CISA says a hacker breached a federal agency

CISA didn't name the attacker but it published an in-depth incident report detailing the hacker's every step.
Written by Catalin Cimpanu, Contributor
Image: Jacob Creswick

A hacker has gained access and exfiltrated data from a federal agency, the Cybersecurity and Infrastructure Security Agency (CISA) said on Thursday.

The name of the hacked federal agency, the date of the intrusion, or any details about the intruder, such as an industry codename or state affiliation, were not disclosed.

CISA officials revealed the hack after publishing an in-depth incident response (IR) report detailing the intruder's every step.

The report, which ZDNet analyzed today, reveals how the intruder gained access to the federal agency's internal networks through different channels, such as leveraging compromised credentials for Microsoft Office 365 (O365) accounts, domain administrator accounts, and credentials for the agency's Pulse Secure VPN server.

CISA said the attacker logged into Office 365 accounts to view and download help desk email attachments with "Intranet access" and "VPN passwords" in the subject line. Attackers searched for these files despite already having privileged access to the agency's network, and most likely in an attempt to find additional parts of the network they could attack.

The attacker also accessed the local Active Directory, where they modified settings and studied the structure of the agency's internal network.

To have a quick way back into the federal agency's network, the hackers installed an SSH tunnel and reverse SOCKS proxy, custom malware, and connected a hard drive they controlled to the agency's network as a locally mounted remote share.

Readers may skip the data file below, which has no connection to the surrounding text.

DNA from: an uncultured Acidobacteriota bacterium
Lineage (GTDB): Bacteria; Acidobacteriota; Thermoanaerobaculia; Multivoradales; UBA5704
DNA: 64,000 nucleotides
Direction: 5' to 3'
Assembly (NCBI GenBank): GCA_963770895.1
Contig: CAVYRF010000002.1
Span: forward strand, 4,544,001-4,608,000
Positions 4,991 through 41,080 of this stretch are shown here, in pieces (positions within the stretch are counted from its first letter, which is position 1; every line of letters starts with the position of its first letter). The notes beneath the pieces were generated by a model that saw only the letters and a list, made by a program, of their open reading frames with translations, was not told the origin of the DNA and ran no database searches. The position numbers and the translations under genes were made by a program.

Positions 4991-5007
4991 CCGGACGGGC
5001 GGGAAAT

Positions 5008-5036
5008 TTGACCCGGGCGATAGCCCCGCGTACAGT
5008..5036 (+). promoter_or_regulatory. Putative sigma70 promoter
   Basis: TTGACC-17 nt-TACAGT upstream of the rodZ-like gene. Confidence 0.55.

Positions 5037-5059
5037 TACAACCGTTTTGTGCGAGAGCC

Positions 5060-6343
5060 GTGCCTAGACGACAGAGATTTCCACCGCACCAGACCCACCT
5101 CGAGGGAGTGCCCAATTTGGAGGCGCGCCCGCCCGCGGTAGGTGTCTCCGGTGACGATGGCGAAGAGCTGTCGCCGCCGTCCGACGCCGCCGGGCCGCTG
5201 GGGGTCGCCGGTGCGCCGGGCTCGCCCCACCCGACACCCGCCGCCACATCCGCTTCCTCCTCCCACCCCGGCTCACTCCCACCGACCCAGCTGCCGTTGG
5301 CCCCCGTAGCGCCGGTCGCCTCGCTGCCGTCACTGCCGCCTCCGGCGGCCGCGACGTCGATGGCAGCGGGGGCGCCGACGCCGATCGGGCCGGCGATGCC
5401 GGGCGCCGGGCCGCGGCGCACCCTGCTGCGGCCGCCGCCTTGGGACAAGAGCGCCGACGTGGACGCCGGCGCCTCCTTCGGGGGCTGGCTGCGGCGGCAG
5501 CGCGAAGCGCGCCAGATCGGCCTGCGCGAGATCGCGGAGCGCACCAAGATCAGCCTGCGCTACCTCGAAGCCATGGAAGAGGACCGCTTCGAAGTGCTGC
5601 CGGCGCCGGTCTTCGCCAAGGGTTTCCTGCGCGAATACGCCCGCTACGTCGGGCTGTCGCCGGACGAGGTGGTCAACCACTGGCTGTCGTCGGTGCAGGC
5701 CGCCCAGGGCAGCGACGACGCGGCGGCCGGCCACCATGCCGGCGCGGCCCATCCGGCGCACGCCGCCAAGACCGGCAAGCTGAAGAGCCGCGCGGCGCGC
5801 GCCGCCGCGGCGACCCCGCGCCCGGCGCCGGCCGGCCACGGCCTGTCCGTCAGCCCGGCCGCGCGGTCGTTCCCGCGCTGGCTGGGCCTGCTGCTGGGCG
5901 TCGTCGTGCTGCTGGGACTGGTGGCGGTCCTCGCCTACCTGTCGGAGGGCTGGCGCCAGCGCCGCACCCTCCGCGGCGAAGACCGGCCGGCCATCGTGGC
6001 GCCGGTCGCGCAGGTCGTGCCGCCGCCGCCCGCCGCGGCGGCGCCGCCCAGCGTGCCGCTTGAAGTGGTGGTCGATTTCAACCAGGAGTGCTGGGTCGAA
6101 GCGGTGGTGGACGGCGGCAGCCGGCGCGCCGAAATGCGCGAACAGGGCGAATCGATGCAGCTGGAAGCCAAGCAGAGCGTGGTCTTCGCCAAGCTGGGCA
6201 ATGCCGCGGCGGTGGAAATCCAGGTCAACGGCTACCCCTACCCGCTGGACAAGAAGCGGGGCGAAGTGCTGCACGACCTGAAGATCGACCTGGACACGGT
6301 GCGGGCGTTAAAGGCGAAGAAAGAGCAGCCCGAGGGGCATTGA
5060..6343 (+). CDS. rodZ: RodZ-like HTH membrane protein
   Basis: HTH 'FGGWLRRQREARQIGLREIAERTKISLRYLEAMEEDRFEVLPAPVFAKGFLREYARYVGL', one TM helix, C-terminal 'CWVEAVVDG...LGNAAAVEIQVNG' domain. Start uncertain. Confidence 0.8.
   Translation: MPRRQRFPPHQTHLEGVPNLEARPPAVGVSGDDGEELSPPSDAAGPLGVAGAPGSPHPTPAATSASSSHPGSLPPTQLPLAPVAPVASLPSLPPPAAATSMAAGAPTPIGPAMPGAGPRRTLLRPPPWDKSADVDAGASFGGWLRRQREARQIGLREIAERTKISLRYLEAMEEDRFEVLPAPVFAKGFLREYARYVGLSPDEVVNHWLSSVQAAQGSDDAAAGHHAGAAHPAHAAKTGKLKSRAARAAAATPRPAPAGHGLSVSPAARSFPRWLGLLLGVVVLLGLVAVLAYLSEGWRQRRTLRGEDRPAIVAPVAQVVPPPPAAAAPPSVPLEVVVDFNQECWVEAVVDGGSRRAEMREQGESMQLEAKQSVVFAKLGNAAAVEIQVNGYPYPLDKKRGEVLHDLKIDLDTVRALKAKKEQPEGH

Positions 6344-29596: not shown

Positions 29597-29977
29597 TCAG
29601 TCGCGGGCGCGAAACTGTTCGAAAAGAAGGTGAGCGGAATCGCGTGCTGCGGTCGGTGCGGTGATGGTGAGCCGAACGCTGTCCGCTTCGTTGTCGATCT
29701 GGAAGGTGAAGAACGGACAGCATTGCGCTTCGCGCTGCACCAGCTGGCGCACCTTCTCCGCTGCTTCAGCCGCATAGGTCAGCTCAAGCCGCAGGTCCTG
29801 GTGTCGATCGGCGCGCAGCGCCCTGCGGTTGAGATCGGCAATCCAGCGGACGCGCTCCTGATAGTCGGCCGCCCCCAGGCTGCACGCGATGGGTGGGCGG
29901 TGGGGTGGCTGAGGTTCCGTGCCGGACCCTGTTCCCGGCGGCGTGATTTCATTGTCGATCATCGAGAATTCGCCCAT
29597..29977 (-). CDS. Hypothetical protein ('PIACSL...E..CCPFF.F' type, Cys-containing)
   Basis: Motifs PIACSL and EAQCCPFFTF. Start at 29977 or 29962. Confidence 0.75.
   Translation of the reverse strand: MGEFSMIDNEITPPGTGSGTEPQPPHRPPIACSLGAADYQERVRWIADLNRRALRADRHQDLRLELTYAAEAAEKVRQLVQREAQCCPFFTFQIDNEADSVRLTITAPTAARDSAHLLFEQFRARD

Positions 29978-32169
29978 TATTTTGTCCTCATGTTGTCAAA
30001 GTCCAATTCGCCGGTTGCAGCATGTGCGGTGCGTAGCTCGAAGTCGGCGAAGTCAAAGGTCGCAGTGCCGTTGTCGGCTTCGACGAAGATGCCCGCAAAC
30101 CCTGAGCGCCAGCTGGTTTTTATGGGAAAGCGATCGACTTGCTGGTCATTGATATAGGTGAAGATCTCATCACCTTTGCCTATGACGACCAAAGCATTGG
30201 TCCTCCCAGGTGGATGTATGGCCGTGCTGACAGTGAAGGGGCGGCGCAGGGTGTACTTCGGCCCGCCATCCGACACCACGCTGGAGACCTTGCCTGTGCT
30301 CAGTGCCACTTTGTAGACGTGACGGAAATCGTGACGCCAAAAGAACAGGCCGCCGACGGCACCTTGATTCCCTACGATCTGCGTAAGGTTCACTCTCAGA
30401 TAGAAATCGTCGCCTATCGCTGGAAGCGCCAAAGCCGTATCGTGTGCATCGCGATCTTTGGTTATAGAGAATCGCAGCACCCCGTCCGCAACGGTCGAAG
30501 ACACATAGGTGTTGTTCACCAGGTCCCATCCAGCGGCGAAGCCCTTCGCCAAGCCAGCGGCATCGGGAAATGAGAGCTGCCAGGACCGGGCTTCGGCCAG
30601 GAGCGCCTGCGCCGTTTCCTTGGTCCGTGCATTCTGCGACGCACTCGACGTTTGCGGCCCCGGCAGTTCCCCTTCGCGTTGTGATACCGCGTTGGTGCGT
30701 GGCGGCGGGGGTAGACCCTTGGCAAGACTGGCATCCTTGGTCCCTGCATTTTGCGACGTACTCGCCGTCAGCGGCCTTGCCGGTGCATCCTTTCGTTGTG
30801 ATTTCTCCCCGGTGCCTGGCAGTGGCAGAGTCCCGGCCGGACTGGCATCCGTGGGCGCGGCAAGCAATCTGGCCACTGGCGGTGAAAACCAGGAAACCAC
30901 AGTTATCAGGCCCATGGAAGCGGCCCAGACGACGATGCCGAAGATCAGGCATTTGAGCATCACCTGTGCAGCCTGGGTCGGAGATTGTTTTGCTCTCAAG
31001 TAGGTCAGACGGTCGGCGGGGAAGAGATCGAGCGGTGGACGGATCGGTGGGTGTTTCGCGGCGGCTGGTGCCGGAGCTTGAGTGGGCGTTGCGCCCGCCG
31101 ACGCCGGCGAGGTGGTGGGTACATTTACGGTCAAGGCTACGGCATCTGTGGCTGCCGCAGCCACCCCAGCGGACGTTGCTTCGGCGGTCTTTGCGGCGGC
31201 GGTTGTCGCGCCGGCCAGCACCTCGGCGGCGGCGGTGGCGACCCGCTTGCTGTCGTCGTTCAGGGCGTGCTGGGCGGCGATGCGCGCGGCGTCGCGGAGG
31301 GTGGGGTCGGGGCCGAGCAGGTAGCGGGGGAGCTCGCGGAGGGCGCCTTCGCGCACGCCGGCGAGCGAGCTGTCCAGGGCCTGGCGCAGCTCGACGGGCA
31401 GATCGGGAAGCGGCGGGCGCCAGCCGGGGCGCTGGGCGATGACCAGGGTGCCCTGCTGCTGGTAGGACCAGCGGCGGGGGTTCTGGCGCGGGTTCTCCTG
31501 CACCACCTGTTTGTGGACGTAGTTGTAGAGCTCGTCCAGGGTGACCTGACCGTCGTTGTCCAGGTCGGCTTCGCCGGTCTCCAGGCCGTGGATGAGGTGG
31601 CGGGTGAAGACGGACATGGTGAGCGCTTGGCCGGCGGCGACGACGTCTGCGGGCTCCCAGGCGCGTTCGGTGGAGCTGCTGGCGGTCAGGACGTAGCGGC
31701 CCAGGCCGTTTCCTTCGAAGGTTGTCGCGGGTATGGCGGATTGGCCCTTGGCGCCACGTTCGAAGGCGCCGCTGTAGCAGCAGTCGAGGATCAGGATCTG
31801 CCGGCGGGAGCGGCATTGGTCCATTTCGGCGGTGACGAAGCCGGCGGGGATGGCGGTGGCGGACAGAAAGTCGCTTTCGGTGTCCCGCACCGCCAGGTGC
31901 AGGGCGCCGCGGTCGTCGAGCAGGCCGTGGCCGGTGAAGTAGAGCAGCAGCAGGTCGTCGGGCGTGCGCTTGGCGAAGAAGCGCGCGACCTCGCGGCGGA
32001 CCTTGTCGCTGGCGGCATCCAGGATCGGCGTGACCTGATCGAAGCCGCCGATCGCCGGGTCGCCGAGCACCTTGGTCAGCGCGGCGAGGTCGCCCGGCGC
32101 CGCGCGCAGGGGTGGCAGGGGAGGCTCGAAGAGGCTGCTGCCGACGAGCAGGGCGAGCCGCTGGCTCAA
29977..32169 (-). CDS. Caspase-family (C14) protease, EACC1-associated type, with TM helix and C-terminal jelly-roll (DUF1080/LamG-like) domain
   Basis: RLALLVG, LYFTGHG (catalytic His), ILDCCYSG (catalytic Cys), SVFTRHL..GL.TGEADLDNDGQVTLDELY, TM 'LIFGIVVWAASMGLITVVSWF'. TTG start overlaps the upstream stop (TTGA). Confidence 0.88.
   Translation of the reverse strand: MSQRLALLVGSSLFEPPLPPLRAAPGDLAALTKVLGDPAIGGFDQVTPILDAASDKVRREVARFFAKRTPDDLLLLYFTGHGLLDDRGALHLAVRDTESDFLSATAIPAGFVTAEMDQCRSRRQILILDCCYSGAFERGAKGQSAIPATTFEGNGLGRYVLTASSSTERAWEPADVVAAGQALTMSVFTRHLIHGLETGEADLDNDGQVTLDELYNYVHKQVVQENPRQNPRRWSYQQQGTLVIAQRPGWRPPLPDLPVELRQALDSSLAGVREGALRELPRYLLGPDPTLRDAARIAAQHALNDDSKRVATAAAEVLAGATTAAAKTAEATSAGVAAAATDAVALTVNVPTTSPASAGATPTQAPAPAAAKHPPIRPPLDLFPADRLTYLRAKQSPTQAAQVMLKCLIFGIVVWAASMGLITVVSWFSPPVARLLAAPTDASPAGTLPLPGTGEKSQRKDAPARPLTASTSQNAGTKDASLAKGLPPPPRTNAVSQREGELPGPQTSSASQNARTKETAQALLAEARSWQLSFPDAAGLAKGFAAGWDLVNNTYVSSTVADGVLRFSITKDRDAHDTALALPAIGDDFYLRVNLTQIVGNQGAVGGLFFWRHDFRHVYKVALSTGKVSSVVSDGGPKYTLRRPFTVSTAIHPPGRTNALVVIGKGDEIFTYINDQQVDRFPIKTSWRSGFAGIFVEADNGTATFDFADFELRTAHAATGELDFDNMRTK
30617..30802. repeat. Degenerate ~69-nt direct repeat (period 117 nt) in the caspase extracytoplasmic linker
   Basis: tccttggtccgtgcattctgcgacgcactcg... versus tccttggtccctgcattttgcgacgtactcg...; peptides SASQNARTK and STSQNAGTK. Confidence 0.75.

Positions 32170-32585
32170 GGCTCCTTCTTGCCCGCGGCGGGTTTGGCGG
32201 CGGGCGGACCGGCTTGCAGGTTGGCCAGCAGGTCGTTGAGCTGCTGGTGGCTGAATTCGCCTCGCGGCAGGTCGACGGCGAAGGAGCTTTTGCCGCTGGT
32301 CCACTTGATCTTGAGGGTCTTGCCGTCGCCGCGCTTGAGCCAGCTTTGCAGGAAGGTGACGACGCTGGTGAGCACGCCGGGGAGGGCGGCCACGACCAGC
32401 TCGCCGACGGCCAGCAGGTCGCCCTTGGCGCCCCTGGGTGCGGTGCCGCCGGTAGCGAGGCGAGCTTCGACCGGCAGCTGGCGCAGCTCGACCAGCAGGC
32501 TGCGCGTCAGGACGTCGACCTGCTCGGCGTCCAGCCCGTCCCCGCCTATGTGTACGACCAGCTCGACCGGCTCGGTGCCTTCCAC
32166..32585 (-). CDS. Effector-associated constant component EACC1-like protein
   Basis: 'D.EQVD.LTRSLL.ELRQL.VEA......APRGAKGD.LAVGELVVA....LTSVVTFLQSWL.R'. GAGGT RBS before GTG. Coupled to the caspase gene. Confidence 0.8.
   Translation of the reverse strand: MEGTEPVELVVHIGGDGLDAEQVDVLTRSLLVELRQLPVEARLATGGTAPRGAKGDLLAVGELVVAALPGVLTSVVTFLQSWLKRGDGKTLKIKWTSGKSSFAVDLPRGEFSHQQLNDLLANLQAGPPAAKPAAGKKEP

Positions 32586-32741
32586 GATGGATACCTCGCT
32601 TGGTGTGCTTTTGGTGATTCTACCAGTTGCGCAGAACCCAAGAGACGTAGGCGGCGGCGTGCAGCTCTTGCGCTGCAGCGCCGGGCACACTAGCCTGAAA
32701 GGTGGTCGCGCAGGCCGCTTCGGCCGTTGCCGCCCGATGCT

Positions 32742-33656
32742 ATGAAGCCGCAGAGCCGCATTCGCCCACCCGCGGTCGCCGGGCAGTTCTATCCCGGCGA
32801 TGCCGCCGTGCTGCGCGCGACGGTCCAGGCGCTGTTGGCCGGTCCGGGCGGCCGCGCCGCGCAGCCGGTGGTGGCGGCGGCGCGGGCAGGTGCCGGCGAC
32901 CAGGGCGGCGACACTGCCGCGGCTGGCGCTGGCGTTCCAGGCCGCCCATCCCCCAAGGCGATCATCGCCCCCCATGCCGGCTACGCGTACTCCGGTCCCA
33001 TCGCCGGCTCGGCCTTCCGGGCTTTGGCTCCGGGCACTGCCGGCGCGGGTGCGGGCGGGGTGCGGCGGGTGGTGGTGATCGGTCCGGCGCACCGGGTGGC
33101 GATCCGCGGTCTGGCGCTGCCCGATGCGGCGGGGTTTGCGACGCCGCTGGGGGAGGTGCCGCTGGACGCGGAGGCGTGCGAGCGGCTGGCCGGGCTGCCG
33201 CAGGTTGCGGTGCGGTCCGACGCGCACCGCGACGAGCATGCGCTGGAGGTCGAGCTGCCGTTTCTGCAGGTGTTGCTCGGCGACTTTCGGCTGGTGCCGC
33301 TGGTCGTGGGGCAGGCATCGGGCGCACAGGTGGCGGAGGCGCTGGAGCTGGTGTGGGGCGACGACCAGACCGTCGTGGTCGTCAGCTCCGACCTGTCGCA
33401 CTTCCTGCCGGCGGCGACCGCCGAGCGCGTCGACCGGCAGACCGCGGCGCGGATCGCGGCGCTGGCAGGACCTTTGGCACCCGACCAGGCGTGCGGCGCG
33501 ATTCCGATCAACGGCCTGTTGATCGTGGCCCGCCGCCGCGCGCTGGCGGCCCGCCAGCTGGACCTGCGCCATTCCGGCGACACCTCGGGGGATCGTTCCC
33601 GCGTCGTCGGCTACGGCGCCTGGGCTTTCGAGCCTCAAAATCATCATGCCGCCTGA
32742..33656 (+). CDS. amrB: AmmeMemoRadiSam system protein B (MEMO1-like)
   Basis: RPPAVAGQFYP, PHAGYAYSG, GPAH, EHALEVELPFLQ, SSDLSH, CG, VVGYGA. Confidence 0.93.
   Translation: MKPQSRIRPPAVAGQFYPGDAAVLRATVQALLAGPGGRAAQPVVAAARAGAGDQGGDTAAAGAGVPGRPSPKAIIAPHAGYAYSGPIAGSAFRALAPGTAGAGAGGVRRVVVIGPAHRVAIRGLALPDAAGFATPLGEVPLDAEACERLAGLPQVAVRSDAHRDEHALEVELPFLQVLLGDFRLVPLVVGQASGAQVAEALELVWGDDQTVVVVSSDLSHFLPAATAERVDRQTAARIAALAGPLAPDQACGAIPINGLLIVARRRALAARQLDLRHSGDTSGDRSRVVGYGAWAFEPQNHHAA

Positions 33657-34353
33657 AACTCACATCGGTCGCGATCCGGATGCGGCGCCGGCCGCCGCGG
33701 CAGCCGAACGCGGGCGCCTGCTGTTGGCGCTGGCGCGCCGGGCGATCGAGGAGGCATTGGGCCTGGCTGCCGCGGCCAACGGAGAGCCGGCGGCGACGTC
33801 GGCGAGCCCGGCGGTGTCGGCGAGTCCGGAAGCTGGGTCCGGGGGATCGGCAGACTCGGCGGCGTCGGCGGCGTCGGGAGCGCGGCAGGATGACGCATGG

"The mounted file share allowed the actor to freely move during its operations while leaving fewer artifacts for forensic analysis," CISA analysts said.

Furthermore, the attacker also created their own local account on the network. By analyzing forensic evidence, CISA said the hacker used this account to browse the local network, run PowerShell commands, and gather important files into ZIP archives. CISA said that it couldn't confirm if the attacker exfiltrated the ZIP archives, but this is what most likely happened in the end.

In addition, CISA said the malware the hackers installed on the federal agency's network "was able to overcome the agency's anti-malware protection, and inetinfo.exe [the malware] escaped quarantine."

Nonetheless, investigators said they detected the intrusion via EINSTEIN, CISA's intrusion detection system that monitors federal civilian networks from a vantage point and was able to compensate for the attacker bypassing local anti-malware solutions.

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